June 1997

Hello again!!!! This past month has been really strange, and actually, downright scary. . .

My Outing

In my first column I mentioned that I had a suspicion that Mike's (my boyfriend) parents had some idea that Mike and I are gay, but it was just that, a suspicion. Since I spend a lot of time over at his house, sometimes his parents will ask me to run small errands for them or take their kids someplace when they're short of time or have scheduling conflicts, and I always say "yes" and always refuse the gas money they offer.

Well, one night, Mike's mom asked me if I'd take David -- not his real name -- her thirteen-year-old son to the mall to get a new pair of shoes. Naturally, I agreed. David's my paper boy, so we know each other pretty well, and it's a nice long drive to the local mall so we had a chance to talk a bit. Right in the middle of our discussion about the Bulls, he comes out and says: "Are you and my brother dating each other?"

I almost drove off the road.

I tried to give him an answer, but all that I managed to say was a bunch of gibberish, and then he told me that he had overheard a conversation his parents were having concerning Mike and I, and they were talking about how they thought that we were dating each other, but didn't know how to ask us. And, believe it or not, they didn't sound too upset about it.

I decided to take a really big chance and tell David the truth. I stopped at a Arby's and we went in and had a drink; we had both had our supper so we weren't hungry. I doubt that I would have been able to eat anything then anyway. So we sat in a booth, facing each other, and I told him about how we had met and how we had fallen in love. I left out all the sex stuff, but David asked me if we "Do It". . . I just nodded. Thankfully he didn't ask for specifics!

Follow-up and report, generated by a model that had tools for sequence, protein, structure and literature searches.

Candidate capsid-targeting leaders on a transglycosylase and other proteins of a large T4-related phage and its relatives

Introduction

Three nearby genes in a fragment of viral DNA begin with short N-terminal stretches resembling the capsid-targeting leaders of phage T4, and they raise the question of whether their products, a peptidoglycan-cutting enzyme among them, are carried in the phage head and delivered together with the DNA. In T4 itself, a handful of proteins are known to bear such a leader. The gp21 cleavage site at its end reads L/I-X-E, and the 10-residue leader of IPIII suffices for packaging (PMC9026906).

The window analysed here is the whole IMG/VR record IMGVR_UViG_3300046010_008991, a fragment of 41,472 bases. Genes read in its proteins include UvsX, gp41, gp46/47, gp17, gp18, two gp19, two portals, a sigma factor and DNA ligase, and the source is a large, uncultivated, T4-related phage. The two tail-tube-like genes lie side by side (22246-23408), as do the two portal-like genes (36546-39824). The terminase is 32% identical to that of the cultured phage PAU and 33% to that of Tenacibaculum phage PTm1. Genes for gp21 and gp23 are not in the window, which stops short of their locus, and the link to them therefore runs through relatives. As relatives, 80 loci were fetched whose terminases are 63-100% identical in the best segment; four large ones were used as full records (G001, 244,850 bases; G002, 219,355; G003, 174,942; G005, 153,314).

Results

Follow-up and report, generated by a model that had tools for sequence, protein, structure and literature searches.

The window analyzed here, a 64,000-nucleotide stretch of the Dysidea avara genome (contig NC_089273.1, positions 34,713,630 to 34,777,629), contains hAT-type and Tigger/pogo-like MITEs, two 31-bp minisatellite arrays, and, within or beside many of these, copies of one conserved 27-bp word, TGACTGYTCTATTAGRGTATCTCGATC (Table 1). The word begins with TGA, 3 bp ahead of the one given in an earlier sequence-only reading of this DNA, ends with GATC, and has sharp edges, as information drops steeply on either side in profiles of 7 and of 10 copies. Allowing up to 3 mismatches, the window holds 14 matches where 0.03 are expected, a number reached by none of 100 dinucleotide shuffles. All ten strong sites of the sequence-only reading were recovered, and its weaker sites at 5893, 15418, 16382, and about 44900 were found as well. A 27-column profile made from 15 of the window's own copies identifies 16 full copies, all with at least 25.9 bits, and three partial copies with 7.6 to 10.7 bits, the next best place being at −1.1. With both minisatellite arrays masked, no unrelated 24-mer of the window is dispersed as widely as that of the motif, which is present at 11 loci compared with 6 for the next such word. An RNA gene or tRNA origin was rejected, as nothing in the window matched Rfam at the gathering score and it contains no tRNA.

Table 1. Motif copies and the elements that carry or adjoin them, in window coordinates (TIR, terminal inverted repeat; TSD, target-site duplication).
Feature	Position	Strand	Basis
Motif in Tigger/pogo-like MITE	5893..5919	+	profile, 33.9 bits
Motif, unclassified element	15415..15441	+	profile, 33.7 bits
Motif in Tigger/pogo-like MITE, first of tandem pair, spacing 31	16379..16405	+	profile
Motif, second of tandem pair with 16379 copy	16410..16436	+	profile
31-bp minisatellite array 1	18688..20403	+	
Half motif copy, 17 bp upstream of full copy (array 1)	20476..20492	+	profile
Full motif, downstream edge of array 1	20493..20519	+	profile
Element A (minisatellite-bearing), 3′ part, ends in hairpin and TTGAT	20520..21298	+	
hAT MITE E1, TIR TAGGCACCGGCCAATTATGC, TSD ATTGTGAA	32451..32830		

He told me that he kinda knew something was going on between his brother and me, because his parents invited me and my parents over for Easter dinner, and the whole time we sat at the table I was holding Mike's hand-under the table naturally. David somehow saw that, and he finally put two and two together when he overheard his parents talking about us.

I asked him how he feels about me being with his brother, and he told me that he thought it was great, that he really likes me!!! He also said that he hadn't see Mike this happy in a long time. . . When I asked him what he meant by that, he got really quiet, like he said something he wished he hadn't. I really pressed him for a answer, but instead he asked if we could go to the mall and get his shoes.

On the way there, he told me about how his brother had tried to kill himself two years earlier, and one of the things Mike asked him to do was to destroy his suicide note. Instead of destroying it, David read it and then hid it. Mike spent some time in a mental hospital, and also underwent a lot of therapy, but he never told his parents the truth, that he had tried to kill himself because he was gay. Instead, he told them that he was under a lot of stress from college, and it just got to him. His parents must have bought it hook, line and sinker, because they never really asked him again about it.

All of this is upsetting to me, not only because I may have missed out on meeting an awesome guy if he had actually died, but also because so many young GLBT people kill themselves every year, and many more try to. For more on this check out the cover story in the Sunday, April 6, 1997 issue of the Cleveland Plain Dealer, about a 14-year-old boy that killed himself because he was gay and couldn't accept it. A very tragic story.

So we ended up going to the mall, and David picked out the coolest pair of Nike Air's I've ever seen! On the way home, he told me how he wished I could be his brother.

When we got to his house, David asked me to come up to his bedroom, and he said he'd give me his brother's suicide note if I promised not to ever tell Mike that I had read it. Talk about tough things!!!! I promised, and then left and went back to my place, the suspense killing me!

In his note, Mike rambled on about how he hated his uncle for taking him to that prostitute (his 21st birthday present) and how he hated that the guy he had a crush on was getting married. He also told of how much he hated being gay, because it made things so much more difficult then they already were for him.